All too often, strategists will just post a few time series charts of traffic, revenue, or Facebook Likes, and call it a report.

A chart is not a report.

This is not a report. It’s raw data. It doesn’t prove that you made anybody any money. It just proves that some things happened.

Yes, even if it’s a revenue chart.

While you’re probably going to get some nod-offs if you explain in-depth how your regression model works and what statistical tests you used to compare cohorts, you want to make it clear that your numbers aren’t coming out of thin air.

If somebody objects that you weren’t responsible for this revenue, you want to be able to explain that you already accounted for the revenue created by their AdWords campaign.

A mathematical correlation between the resources you were given and the revenue they earned is always going to be a bit fuzzy, and stakeholders will be understandably skeptical. You want to make this as concrete as possible for them by pointing to things like:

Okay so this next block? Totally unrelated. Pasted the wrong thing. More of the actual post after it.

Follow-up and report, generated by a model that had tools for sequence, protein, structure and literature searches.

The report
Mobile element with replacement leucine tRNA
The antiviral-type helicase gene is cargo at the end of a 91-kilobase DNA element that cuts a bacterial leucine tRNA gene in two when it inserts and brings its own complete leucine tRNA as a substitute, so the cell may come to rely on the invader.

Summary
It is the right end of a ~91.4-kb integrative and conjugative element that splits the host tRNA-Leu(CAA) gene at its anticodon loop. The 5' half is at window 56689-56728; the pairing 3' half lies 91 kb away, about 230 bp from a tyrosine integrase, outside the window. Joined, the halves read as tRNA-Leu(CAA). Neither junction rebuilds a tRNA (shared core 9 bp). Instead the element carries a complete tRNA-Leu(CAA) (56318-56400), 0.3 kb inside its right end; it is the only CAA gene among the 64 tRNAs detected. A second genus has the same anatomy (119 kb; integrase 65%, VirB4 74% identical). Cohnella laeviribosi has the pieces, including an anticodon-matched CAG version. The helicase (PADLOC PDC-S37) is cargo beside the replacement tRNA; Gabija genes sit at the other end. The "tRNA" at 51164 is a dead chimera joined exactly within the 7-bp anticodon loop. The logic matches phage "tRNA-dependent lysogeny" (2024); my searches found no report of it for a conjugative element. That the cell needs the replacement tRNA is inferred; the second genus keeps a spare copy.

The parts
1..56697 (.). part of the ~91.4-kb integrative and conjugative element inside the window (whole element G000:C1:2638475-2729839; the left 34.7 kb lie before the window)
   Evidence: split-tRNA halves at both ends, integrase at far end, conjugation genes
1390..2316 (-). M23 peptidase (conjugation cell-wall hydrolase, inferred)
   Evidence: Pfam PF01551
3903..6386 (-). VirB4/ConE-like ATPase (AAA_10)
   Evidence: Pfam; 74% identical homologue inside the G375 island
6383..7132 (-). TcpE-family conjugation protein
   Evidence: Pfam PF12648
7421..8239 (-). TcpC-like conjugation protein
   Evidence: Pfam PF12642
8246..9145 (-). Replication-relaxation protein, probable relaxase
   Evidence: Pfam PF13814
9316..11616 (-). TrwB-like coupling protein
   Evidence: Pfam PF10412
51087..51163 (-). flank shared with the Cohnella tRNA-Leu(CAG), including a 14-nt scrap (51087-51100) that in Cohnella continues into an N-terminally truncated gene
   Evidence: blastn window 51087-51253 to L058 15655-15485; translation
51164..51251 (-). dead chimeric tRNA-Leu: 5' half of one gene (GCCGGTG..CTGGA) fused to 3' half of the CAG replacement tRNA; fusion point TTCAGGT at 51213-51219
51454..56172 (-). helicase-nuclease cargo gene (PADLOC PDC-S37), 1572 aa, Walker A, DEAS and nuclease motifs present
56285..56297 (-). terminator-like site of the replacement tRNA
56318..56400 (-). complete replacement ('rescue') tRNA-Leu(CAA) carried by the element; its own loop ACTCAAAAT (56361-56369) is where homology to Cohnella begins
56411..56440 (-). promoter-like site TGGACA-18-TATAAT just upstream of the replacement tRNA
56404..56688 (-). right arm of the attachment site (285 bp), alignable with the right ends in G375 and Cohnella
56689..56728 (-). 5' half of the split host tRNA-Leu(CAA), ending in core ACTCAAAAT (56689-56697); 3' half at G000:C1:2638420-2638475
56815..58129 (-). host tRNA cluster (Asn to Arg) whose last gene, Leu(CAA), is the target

• The average lifetime value of visitors referred from social networks, compared to the cost
  • The average lifetime value of an email subscriber
  • The financial value of customers who visited the blog, versus those who didn’t
  • The value of visitors referred from guest posts, compared to those referred from AdWords

It’s important to understand what these figures are for. Figures like these don’t really help you understand the big picture. Instead, they clarify how the actions you take are making money for your clients/stakeholders. This does a lot to eliminate skepticism.

All of this only becomes more important if you fail to show a positive ROI. These details point to what went wrong, and more importantly, the fact that you know what went wrong. Your stakeholders will be able to see the parts of your strategy that are working, and they’ll be more likely to trust you to revise your strategy effectively to focus on those key elements.